20 Jan 2012 @ 5:52 AM 

I see this question semi-frequently on forums. It’s a reasonable question on the surface. However, the fact is that there is no “Best language for a beginner”. Truly, the very idea that a given computer language could be “better for beginners” than another is downright asinine.

Consider human languages. A person learns language over time, and there isn’t any more difficulty for different languages; the skill develops through practice. Chinese isn’t “harder” to learn than English, for example; but it is harder to learn when you know english.

So how does this extend into computer languages?

Well, the first computer language you learn won’t matter, just as the first Human language you learned doesn’t really matter.For Human languages, the big thing you are learning is how to express yourself to others. For Programming languages, the big thing you are learning is how to express yourself- to the computer.

Once you learn one imperative programming language, the others are easier to learn; same way with human languages. Once you know one germanic language, the others are typically easier to learn.

Of course, it’s harder to learn Chinese or Japanese when you are used to a latin alphabet; for programming languages, this “barrier” is typically found between imperative, Declarative, and functional languages. of course the actual difficulty is not quite at the same level; but functional languages are fundamentally different in many ways from imperative languages, enough that trying to take what you learned via programming in an imperative language and applying it to a functional one can do more harm than good to your learning process, just as trying to apply your understanding of English will harm attempts to learn most non-germanic languages, trying to apply an understanding of Chinese/Japanese/etc to learning English will harm attempts to learn it as well.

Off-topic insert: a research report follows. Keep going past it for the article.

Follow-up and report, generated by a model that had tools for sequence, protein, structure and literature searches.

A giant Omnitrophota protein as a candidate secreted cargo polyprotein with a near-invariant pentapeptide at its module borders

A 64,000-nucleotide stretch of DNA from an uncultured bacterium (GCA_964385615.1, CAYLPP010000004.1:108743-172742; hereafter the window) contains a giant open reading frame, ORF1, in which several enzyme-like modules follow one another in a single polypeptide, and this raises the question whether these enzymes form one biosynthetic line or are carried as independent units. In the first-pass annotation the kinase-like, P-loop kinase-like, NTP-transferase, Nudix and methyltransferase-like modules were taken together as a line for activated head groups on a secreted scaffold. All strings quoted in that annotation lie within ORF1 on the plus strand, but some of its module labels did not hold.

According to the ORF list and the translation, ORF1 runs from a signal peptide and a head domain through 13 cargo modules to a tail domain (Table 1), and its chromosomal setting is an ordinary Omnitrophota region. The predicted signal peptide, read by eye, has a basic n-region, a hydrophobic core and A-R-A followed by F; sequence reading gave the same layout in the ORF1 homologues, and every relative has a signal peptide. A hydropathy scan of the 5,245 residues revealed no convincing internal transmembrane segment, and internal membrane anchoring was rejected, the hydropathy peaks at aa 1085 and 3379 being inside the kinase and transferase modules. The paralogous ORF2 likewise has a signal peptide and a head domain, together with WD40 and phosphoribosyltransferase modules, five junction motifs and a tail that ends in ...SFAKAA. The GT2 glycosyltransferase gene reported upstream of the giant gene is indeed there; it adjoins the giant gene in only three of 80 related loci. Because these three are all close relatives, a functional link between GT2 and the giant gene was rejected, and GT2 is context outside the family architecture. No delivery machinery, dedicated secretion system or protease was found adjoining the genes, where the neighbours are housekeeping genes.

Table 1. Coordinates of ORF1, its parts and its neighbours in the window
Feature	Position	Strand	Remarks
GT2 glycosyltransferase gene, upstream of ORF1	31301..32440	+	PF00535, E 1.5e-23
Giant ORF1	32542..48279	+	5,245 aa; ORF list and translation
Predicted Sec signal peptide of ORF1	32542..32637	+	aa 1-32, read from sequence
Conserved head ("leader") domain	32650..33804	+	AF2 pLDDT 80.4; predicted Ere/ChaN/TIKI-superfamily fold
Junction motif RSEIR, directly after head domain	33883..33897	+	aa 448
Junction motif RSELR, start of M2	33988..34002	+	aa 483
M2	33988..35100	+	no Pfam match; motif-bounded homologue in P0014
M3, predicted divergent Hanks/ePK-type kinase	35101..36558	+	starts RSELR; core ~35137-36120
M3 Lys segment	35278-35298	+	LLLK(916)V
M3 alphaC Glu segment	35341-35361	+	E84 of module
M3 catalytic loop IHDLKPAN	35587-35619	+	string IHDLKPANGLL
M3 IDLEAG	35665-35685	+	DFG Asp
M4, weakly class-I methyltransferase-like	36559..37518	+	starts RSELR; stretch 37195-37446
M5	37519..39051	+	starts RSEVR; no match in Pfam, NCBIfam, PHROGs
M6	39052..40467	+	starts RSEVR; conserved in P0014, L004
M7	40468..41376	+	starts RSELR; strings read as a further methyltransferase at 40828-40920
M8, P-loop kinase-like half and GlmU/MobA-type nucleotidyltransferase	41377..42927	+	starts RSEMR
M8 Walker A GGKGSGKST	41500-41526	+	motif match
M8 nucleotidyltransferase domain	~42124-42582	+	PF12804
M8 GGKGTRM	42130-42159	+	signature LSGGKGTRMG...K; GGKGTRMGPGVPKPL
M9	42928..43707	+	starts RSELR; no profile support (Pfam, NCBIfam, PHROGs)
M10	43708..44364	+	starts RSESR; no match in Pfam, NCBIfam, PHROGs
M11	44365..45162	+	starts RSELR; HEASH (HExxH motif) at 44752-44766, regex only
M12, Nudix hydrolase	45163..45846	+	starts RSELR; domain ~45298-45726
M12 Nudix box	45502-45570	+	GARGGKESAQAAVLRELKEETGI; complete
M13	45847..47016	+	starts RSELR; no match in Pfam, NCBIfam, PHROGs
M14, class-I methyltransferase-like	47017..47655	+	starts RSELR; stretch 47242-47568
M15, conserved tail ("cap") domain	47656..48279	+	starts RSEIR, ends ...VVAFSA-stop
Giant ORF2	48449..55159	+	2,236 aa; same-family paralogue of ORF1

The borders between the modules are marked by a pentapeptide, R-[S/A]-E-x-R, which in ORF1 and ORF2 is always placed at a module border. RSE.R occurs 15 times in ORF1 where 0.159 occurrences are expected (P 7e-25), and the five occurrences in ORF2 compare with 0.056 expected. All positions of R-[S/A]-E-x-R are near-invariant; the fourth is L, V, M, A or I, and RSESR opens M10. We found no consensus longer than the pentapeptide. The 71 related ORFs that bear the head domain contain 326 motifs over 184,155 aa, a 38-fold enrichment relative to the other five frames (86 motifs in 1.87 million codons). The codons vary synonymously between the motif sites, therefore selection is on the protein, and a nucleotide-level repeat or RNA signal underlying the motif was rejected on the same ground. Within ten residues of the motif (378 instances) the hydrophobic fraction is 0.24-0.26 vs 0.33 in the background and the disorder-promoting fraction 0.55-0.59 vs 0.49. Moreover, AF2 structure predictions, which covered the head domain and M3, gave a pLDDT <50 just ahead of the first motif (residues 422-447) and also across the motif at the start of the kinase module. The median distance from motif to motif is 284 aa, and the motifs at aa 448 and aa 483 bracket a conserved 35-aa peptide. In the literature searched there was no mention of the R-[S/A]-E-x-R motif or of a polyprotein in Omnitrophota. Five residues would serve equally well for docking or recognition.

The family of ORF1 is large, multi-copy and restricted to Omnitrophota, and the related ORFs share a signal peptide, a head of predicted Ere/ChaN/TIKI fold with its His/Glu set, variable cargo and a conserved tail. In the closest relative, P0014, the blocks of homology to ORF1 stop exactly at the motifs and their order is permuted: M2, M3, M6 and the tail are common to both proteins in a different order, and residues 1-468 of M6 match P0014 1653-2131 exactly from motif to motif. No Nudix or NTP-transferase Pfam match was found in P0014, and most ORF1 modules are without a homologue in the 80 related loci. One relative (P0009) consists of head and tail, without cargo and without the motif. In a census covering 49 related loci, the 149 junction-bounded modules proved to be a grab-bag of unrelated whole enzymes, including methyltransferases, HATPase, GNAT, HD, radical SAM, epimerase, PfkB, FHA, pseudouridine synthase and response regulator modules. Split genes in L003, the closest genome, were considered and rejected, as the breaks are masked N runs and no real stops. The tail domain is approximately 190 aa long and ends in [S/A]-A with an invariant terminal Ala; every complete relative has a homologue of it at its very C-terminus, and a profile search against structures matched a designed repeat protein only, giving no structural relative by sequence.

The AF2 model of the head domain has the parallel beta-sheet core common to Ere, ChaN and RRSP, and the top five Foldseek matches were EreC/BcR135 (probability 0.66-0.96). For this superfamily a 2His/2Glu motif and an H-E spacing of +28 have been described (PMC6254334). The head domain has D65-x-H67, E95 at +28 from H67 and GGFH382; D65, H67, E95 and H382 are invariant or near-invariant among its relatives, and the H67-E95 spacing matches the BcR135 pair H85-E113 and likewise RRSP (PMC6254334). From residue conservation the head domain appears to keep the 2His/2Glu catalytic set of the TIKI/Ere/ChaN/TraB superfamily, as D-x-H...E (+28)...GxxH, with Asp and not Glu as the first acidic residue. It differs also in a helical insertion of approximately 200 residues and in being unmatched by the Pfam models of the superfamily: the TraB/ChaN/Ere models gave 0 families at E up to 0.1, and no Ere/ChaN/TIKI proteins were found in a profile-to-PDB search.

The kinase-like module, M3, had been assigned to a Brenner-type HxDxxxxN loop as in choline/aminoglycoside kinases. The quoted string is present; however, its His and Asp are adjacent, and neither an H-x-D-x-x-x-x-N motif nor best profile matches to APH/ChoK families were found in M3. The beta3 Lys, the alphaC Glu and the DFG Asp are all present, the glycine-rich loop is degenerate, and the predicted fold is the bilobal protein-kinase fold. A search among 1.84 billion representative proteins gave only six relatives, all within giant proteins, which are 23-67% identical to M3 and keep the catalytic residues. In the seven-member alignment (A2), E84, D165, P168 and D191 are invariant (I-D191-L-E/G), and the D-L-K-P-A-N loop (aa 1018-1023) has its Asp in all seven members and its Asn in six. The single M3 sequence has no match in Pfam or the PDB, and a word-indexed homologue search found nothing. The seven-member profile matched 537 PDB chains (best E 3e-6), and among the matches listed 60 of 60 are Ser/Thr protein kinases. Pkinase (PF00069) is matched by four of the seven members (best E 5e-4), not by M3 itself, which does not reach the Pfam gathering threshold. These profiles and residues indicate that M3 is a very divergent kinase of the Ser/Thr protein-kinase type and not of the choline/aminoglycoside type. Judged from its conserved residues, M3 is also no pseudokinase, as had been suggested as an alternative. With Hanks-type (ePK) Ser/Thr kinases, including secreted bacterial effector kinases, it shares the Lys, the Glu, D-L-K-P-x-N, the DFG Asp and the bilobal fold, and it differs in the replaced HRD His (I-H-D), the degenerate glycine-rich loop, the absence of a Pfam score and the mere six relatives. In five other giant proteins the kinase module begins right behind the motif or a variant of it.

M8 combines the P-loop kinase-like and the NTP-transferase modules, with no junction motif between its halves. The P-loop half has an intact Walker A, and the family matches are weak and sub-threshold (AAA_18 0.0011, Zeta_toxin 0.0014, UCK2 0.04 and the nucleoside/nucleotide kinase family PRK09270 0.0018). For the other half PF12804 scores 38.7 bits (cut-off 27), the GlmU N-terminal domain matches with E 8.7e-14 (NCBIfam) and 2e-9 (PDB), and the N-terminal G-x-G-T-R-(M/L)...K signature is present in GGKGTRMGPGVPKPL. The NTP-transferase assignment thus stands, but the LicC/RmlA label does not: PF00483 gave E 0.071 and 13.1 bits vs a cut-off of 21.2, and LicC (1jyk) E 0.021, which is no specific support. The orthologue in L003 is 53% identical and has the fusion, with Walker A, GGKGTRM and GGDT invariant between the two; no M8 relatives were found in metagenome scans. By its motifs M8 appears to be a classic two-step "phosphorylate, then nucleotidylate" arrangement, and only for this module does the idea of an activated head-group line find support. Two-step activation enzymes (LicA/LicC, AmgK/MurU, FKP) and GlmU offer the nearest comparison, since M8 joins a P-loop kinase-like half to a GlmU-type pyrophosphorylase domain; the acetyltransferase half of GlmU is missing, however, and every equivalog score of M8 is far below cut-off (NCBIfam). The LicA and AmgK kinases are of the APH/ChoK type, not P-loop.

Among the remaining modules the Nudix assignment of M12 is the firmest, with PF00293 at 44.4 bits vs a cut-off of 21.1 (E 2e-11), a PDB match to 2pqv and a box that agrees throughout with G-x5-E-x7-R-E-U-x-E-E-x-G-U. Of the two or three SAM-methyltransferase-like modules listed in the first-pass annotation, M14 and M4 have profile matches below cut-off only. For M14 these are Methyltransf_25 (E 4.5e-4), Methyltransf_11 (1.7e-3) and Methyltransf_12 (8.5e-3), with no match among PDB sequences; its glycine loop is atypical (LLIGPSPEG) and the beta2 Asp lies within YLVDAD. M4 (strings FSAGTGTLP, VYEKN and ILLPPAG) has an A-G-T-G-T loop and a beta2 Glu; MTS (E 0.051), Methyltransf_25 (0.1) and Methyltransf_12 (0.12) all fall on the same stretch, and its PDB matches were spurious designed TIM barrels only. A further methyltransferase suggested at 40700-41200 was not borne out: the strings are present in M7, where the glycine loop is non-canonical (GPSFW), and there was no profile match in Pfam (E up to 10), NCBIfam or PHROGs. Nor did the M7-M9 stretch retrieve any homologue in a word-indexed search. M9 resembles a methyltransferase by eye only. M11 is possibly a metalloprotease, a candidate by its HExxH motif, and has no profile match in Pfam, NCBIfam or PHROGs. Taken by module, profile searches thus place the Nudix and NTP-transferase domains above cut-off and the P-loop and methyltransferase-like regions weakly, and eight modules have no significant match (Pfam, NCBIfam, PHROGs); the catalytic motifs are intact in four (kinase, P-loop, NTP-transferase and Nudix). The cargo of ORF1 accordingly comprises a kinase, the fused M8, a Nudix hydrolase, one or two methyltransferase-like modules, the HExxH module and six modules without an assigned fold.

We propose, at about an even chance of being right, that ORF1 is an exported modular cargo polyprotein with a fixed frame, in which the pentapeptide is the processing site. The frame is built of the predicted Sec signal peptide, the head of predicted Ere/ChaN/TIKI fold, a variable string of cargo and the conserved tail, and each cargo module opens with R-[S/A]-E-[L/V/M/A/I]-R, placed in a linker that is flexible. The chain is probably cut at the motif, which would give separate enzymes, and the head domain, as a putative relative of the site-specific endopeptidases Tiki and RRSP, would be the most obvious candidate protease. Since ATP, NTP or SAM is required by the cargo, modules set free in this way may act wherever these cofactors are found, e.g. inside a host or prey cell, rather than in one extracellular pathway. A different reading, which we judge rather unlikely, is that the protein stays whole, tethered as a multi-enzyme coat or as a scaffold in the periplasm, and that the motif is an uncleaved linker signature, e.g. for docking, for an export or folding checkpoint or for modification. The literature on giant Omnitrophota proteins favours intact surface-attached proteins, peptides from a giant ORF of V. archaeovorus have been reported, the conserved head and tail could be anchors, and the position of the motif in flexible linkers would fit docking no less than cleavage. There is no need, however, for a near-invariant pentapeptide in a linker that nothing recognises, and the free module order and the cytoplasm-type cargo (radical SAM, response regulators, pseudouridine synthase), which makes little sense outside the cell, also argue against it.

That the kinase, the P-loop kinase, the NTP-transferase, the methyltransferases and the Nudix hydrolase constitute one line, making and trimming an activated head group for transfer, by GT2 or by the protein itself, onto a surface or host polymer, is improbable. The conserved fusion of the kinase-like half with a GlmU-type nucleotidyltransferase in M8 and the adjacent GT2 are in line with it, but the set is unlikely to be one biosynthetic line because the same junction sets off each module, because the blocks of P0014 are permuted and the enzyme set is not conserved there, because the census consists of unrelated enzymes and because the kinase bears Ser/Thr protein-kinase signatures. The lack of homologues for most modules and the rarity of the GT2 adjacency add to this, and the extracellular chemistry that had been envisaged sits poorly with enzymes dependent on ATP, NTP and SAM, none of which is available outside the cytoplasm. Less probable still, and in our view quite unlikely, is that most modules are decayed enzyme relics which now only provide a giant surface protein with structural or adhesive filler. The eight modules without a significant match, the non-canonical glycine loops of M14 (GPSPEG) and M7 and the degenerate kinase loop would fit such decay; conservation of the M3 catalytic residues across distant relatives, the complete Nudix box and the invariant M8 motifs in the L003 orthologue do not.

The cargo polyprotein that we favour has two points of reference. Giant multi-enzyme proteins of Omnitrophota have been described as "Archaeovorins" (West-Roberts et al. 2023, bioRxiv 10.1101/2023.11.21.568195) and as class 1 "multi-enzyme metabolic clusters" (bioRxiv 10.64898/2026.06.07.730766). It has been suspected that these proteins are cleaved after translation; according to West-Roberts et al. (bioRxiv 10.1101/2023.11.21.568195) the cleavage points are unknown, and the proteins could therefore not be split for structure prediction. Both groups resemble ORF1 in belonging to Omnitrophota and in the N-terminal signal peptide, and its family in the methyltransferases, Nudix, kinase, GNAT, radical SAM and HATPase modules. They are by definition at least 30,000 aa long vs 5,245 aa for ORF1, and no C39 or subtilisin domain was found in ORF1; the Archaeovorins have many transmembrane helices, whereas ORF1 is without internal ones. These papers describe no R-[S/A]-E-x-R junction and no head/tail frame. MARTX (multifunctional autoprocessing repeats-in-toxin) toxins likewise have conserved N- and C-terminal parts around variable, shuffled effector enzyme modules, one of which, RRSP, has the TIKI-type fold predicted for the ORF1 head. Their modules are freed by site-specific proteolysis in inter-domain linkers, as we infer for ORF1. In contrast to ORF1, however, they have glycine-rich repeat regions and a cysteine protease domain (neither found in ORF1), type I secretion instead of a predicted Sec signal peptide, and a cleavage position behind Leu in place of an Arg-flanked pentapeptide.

Additionally, one issue I find is that many people will say that “language X is easy to learn because it’s like plain english”. Which is a flawed perspective, since that brings with it a lot of language baggage; english is designed for communicating between people; a programming language is designed for communicating between a person and a computer (or rather, the interpreter/compiler which makes it into something the computer understands, but let’s not cloud the issue). So you end up with a psuedo-english language that tries to be declarative but at the same time isn’t english; SQL, for example, is english-like, but I’d be hard-pressed to say that “Select * from Customers Where CX>6” is “plain english”. It’s easy to understand, but it’s restrictive; after all, in english the same concept could be expressed as “choose all fields from the customers table where the record in question has a CX field greater than 6”. But that is far from valid SQL, which has a far more restrictive grammar and syntax. (if it didn’t, parsing it would be a nightmare).